American Idioms for ESL Students

Instructor: Vanessa Botts
Idioms are a part of basically every daily communication. In this lesson, we will discuss some common American idioms that will help you improve your understanding of the English language and build your conversational skills.

The Importance of Idioms

Do you go to the cinema? Do you watch TV shows? Most likely, your answer is a big 'yes!' In that case, then you may have noticed that movies and TV shows are full of idioms. In addition to movies and TV, you will hear a lot of idioms in everyday English conversation.

But, what exactly are idioms? Idioms are expressions whose meanings do not match the words. For example, when someone says, 'It's raining cats and dogs,' they do not mean that cats and dogs are literally falling from the sky; they mean to say it is raining a lot!

By learning idioms, you will be able to better communicate with native English speakers. You will also be able to better understand what you hear said in the movies and on TV. Plus, idioms can be a lot of fun!

Below are some common American Idioms to get you started. For each, you will see the idiom and its meaning followed by the idiom used in a sentence.

Everyday Idioms

  • Hit the nail on the head: This idiom has to do with doing or saying something that is exactly right.
    • You hit the nail on the head when you said it was going to rain today. It is pouring!
  • You can't judge a book by its cover: This idiom essentially means that you should not make a decision or judgement on something based on outward appearances.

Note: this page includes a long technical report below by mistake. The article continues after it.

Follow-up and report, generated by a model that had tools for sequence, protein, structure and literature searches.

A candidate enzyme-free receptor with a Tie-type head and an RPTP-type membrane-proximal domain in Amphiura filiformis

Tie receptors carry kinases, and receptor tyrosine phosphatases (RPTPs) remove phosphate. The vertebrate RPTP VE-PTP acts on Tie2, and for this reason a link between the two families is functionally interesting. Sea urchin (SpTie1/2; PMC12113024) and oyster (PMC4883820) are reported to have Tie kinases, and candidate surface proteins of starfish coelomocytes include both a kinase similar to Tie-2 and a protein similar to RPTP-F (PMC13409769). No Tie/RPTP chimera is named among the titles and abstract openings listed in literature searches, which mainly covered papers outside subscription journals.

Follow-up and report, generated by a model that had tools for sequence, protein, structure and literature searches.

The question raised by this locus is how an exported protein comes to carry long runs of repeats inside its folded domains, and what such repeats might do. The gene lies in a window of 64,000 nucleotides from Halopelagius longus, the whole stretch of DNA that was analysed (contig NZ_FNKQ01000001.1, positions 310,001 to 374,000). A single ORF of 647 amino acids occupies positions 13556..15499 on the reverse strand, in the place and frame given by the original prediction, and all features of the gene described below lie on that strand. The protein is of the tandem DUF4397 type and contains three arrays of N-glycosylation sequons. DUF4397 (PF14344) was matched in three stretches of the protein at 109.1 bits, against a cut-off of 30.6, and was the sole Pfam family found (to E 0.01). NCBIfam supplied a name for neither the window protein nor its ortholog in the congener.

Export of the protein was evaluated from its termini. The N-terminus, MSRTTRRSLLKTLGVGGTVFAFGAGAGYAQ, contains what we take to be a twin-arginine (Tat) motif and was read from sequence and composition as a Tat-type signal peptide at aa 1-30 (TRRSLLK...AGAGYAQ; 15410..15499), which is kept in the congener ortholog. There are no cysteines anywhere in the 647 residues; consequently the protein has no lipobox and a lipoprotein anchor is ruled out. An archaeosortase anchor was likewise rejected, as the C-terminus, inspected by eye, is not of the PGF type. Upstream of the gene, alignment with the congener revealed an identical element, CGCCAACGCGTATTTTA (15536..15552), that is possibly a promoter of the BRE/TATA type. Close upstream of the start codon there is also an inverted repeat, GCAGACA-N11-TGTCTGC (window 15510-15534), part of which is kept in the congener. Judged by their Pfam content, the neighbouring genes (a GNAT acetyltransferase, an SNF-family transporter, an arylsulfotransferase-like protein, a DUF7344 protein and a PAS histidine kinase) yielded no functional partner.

• The pizza looked awful, but I tried it, and it tasted great. It goes to show you can't judge a book by its cover!
  • Easy as pie: This is a very popular idiom that is used to describe a task or experience that is extremely easy.
    • I did great on the test. The questions were easy as pie.

School Idioms

  • Ace the test: This idioms means to get a very high score on a test.
    • I am happy that I aced my math test.
  • Cut class: The meaning of this idiom is to skip a school class or a day of school without an excuse.
    • The students who cut class yesterday got in trouble with the teacher and received a zero on their assignment.
  • Hit the books: This means to study hard.
    • I have a test tomorrow so I better hit the books tonight.

Idioms at Work

  • Get the boot: This means to be fired.
    • She got the boot because she missed too many days at work.
  • Show someone the ropes: To show someone how things are done.
    • I am going to show my new coworker the ropes so he can do his job properly.
  • Beat around the bush: This phrase means you are not saying exactly what you mean.
    • Don't beat around the bush. Please tell me exactly which restaurant you would like to go to!

Animal Idioms

  • As sick as a dog: This means to be very sick.
    • Last night I was as sick as a dog. I have never been so ill in my life.
  • When pigs fly: This phrase is a figure of speech used to describe an impossibility.
    • My parents said they would buy me a car when pigs fly. I guess I will have to keep walking to school!
  • Quiet as a mouse: As you might expect, this idiom means to be really quiet.
    • The student was quiet as a mouse in class because he wanted to hear everything the teacher was saying.

Relationship Idioms

  • Can't stand: This phrase denotes not liking (or even hating) something or someone.
    • I can't stand it when people arrive late to a party.
  • Blind date: This is a date where the two people have never met before.
    • I went on a blind date once, and I had a great time.
  • Break up with (someone): To break up means to end a relationship with someone.
    • My friends broke up after dating for two years.

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